The result was the weirdest broken-bat double you'll ever see, a screwball hit that sliced away from Cardinals shortstop Pete Kozma, emptied the bases and blew Game 7 of the National League Championship Series wide open. It helped send the Giants to a 9-0 win and the World Series, and the Cardinals home for the winter, wondering what hit them.
Kelly didn't know what hit him until he saw the replay, captured by FOX in spectacular, super-slow motion. Pence's bat impacted the Kelly pitch three times, generating enough english to baffle Kozma into breaking to his right, then watching helplessly as Pence's hit took a sharp turn toward center field. It was as if the baseball was sucked into orbit around the pitcher's mound.
"I've had a lot of broken-bat hits," Pence said. "Not in a Game 7. That was nice."
It wasn't nice for Kelly.
"It looked like it was a Wiffle ball out there," the rookie right-hander said.
He shook his head in a quiet Cardinals clubhouse and added, "It just stinks that it went down like that."
Add Pence's magic double to the list of big hits for the Giants in the postseason. The Cardinals were already trailing in the game, 2-0, and summoned Kelly to pitch in place of Kyle Lohse with the bases loaded and nobody out.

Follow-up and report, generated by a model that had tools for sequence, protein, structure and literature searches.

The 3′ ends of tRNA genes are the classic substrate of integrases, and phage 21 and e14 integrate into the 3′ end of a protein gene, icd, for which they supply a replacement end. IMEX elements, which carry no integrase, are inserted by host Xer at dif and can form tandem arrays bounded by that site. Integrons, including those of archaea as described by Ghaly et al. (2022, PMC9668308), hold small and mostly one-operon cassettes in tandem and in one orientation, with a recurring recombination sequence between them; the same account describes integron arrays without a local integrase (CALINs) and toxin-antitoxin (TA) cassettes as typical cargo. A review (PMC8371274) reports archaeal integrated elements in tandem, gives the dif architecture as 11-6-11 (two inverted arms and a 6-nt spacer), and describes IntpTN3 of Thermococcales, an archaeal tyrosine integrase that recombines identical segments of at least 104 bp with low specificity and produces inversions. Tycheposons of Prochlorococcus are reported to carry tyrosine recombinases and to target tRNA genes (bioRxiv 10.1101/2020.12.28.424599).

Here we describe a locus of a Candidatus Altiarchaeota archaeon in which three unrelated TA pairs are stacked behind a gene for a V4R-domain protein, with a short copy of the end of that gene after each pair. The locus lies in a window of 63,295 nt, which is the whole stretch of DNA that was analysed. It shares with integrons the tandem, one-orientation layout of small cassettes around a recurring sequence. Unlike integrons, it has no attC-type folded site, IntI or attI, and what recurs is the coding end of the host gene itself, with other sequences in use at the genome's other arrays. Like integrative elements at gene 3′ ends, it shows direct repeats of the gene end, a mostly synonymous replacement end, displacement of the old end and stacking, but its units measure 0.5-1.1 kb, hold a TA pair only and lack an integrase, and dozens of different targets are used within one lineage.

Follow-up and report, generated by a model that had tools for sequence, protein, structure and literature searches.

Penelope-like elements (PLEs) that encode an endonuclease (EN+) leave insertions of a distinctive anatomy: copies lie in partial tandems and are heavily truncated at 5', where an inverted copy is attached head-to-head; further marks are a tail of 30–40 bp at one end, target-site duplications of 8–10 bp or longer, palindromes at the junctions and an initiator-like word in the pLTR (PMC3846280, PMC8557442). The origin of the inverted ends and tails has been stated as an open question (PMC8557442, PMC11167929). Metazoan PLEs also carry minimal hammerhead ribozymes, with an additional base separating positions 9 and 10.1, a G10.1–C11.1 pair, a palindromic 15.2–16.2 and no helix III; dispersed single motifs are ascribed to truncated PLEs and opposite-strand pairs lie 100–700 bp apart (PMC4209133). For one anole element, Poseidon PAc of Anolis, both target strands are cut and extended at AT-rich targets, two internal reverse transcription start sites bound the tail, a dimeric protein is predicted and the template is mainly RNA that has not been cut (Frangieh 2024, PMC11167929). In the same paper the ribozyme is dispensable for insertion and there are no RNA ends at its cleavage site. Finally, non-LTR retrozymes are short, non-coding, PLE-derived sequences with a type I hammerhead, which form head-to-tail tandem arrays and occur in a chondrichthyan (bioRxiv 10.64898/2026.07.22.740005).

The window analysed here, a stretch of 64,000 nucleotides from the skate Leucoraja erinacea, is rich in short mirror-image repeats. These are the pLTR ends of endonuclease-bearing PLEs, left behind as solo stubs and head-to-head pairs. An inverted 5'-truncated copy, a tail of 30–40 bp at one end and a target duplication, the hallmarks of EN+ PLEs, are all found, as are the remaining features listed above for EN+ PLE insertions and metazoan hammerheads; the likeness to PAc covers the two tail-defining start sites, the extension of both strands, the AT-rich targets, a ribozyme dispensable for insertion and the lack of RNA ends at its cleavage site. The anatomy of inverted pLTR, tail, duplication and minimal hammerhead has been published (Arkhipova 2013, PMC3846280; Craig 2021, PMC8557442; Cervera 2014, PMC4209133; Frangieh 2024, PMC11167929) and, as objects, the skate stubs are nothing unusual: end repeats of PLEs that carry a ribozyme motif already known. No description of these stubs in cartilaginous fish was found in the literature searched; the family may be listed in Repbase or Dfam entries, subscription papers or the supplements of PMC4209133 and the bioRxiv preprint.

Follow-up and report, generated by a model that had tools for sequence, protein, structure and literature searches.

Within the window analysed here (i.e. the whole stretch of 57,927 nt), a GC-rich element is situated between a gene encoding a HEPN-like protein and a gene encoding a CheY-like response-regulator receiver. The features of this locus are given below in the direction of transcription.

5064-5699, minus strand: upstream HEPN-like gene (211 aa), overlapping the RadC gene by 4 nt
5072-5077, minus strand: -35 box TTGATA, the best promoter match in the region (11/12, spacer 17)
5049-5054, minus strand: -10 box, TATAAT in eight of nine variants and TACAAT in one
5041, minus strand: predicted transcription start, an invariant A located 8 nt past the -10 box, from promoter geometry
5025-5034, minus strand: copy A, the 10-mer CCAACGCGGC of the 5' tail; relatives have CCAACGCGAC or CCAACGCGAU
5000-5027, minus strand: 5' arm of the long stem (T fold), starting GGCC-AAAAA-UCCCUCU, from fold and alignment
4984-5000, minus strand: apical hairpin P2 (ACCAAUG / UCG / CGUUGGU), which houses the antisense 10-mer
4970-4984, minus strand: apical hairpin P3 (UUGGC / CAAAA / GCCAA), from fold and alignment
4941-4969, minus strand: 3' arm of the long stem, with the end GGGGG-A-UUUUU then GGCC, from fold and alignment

Kelly's first hitter was Pence. His first pitch was a 95-mph fastball.
Pence jumped it.
"As the ball left the bat, I thought that was our double play," Cardinals manager Mike Matheny said.
But looks were deceiving. The pitch shattered Pence's bat, and thanks to the magic of super-slow motion, we know that the wounded lumber made contact with the baseball on three separate occasions.
"Once to break the bat, once on the barrel, and then it rolled off the end," Kelly said. "I guess that's baseball."
Three Giants runs scored on the play -- two RBIs for Pence plus an insurance run courtesy of center fielder Jon Jay's error. San Francisco went on to score five runs in that decisive rally, and won an elimination game for the sixth time in less than two weeks.
Giants manager Bruce Bochy credited Pence's "unique style of hitting." Cardinals veteran Lance Berkman said he'd never seen anything like it.
"It hit the bat three times; it was actually an illegal hit, but there's no way that you can expect the umpire to see that," Berkman said.
Berkman was referring to Rule 6.05(h), which says, "A batter is out when after hitting or bunting a fair ball, his bat hits the ball a second time in fair territory. The ball is dead and no runners may advance."
Unfortunately for Berkman's case, there is a comment attached to that rule, specifically governing a broken bat:
"If a bat breaks and part of it is in fair territory and is hit by a batted ball or part of it hits a runner or fielder, play shall continue and no interference called."
And, technically, that's what happened to Pence.
"I guess that's just the way baseball is sometimes," said Giants second baseman Marco Scutaro, the series MVP. "When things are going your way, it seems like everything just works."